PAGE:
7. Oral examination (viva): Candidates will be called for oral (viva voce) examination only if they are not considered automatically eligible for Honours on the basis of their marks on the written papers. Allowance will have been made for (i) a distinction in a Supplementary Subject, and (ii) any submissions to the Proctors that have been forwarded to me concerning medical or other problems that may have interfered with the candidate’s preparation for, or performance in the examination.
The oral examination will provide a number of candidates, selected in consultation with the External Examiners, with the opportunity to raise themselves from a Fail to Pass outcome or from Pass to Honours. Candidates will not make their position worse by their performance in the oral examination. Those required to attend for oral examination will be notified by email, and by telephone via their College, on the afternoon of Monday, 1 July. The oral examinations will take place in the Abbot’s Kitchen, ICL on the morning of Tuesday, 2 July. N.B. A candidate who does not attend an oral examination if summoned will automatically fail the Part IB examination.
8. Communication of results: Results will be available from the Exam Schools online as soon as possible after the meeting. We expect this to be either late on the 2 July or early on the 3 July. Further information (e.g. ranking) will be sent to your College.
9. Medical problems and other emergencies: If illness or other circumstances interfere with your preparation for the examinations, hinder you during the examinations, or prevent you from attending any part of the examinations, you should make the circumstances known to the Examination and Assessment Section, through your college (normally the Senior Tutor will deal with such matters), with medical certificates or other appropriate documents.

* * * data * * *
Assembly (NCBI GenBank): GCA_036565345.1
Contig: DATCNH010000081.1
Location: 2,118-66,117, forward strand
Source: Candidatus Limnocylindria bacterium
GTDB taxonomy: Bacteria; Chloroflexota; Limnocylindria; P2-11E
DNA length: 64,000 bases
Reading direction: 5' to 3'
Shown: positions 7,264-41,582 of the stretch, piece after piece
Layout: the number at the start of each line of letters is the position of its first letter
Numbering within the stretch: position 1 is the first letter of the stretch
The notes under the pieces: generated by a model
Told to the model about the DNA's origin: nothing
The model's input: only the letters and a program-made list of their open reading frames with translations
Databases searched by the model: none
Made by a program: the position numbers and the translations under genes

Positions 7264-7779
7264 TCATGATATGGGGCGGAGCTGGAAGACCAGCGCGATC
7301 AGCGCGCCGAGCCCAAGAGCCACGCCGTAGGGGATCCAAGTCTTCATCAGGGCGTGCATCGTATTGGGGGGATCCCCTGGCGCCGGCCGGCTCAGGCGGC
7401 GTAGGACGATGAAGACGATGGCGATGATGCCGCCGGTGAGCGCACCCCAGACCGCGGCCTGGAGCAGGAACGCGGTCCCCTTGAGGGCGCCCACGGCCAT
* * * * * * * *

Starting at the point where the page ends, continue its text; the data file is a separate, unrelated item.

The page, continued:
A sub-set of the examiners will meet to discuss and band all such applications on a scale of 1–3. The Exam Board will take the recommendation of this group into account at the Examination Board in subsequent years.
If you are prevented from attending any examination, inform your College as soon as possible. Should you fail to attend any of the written papers you are entered for, and cannot satisfy the Proctors that you had good cause for your absence, you will be deemed to have withdrawn from the whole examination. You should not approach any Examiner directly, for any reason connected with the examination (except to query details of a paper while it is being sat in the Examination Schools); you should instead make your representations to the Proctors through your College.
Nick Green, Chairman of Examiners,
Chemistry Part IB, 2019
[Taken from the Undergraduate Course Handbook (2018-2019: Page 18)]
Calculators for Written Examinations in Chemistry
A candidate may bring a pocket calculator into any Examination, except the Prelims Mathematics for Chemistry paper, provided the calculator meets the conditions set out as follows:
• The calculator must not require connection to any external power supply
• It must not be capable of communicating with any other device
• It must not make a noise that could irritate or distract other candidates
• It must not be capable of displaying functions graphically
• It must not be capable of storing and displaying text, other than the names of standard functions such as 'sin' or 'cosh'
• It must not be able to store programs or user-defined formulae
• It must not be able to perform symbolic algebra, symbolic integration or differentiation
• Within the above, the calculator may be capable of evaluating elementary mathematical functions such as sin(x), log(x), exp(x), xy and it may contain constants such as π.
These guidelines follow the regulations but, supersede on detail, the 'Use of calculators in Examinations' in the University Examination Regulations.
The intention of the rules is to prevent the possibility of a candidate obtaining an advantage by having a powerful calculating aid (or of reading stored information as a substitute for knowing it). It is appreciated that candidates may already own calculators that are excluded by these rules. In such case the candidate is responsible for obtaining a more basic calculator that is within the rules, and for becoming familiar with it in advance of the Examination.